Global heads of government, including US President Joe Biden, will endorse a historic revamping of international corporate tax rules when they gather in Rome this weekend, though they have a long way to go to make the plan a reality.
Multi-country negotiations over important aspects of the plan remain unfinished. And the details that won’t emerge for many months may determine whether the US Congress approves or rejects the deal, a decision that could make or break it internationally.
As they prepared to head for Rome, Treasury officials reiterated their optimism that the deal would ultimately attract bipartisan support among US lawmakers.
The agreement would end the flight of multinationals to low-tax havens, help provide needed tax revenue for governments and deliver a new level of certainty for companies operating across tax jurisdictions, the officials said in a briefing call with reporters on Tuesday.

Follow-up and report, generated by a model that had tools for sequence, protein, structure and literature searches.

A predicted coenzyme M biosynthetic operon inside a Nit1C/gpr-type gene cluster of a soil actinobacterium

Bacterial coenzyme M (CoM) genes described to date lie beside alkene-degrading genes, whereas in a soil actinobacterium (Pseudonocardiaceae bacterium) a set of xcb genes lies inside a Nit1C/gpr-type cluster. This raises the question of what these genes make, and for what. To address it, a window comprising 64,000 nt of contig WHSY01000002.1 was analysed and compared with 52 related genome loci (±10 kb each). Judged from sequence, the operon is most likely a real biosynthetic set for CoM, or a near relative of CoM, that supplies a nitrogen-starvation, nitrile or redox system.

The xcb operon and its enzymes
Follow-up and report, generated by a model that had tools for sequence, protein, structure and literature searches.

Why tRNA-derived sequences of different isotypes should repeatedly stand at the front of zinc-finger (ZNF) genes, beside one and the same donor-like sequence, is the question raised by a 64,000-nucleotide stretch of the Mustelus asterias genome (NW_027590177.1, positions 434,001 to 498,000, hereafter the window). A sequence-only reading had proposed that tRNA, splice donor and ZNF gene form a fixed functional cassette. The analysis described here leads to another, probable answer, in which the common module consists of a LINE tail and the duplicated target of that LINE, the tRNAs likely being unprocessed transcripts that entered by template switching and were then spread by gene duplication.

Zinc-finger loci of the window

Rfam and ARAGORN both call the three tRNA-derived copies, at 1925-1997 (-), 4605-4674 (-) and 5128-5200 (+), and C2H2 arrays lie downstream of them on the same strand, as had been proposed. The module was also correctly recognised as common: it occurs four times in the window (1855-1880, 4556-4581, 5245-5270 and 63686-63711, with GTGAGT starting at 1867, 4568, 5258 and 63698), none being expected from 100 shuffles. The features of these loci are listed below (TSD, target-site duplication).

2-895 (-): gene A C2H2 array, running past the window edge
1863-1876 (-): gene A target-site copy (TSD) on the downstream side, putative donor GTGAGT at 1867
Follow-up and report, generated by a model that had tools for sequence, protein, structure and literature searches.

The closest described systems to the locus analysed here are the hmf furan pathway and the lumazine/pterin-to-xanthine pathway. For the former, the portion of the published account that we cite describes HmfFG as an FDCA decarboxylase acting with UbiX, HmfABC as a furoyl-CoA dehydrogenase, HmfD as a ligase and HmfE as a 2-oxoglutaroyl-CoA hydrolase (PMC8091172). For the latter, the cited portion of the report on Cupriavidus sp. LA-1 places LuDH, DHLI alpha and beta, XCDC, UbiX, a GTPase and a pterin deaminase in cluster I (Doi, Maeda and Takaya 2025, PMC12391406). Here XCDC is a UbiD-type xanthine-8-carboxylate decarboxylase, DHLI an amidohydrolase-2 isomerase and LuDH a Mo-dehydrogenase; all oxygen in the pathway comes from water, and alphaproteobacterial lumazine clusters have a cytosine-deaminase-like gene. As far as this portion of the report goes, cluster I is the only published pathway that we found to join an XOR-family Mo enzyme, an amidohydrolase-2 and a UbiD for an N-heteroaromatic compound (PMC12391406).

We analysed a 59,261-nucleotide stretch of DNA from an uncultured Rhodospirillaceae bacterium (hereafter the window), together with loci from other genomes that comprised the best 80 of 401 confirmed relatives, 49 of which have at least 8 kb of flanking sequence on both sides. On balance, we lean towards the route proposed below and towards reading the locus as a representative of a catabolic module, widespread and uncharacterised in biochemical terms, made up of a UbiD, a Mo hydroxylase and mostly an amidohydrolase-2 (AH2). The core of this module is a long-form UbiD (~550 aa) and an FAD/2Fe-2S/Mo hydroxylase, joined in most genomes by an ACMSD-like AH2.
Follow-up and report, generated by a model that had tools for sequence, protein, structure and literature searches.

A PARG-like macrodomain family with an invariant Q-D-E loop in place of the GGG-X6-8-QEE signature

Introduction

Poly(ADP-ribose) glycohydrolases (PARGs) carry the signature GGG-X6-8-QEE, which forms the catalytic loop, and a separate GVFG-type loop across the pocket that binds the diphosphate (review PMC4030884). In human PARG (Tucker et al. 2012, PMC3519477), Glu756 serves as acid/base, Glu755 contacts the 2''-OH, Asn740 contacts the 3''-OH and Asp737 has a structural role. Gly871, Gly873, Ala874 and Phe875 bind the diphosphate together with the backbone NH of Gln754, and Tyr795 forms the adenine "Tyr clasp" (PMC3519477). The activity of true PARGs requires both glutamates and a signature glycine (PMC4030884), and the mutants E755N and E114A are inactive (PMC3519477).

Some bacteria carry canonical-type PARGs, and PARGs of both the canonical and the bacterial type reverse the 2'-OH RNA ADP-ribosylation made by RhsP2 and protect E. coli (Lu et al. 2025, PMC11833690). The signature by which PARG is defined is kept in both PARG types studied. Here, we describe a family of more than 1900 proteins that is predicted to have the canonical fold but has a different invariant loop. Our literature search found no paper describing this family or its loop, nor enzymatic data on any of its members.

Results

The pact, backed by 136 countries worldwide, would set a global minimum tax of 15% and reallocate some of the taxes imposed on the largest multinational firms based on where they generate revenue, instead of where they book profits.
But US officials also acknowledged that work has only just begun on designing the formula for reallocating tax rights.
That formula will help determine the impact of the global tax deal on US tax revenues. And should the reallocation have a net negative impact, it will be tougher for the Biden administration to secure congressional approval.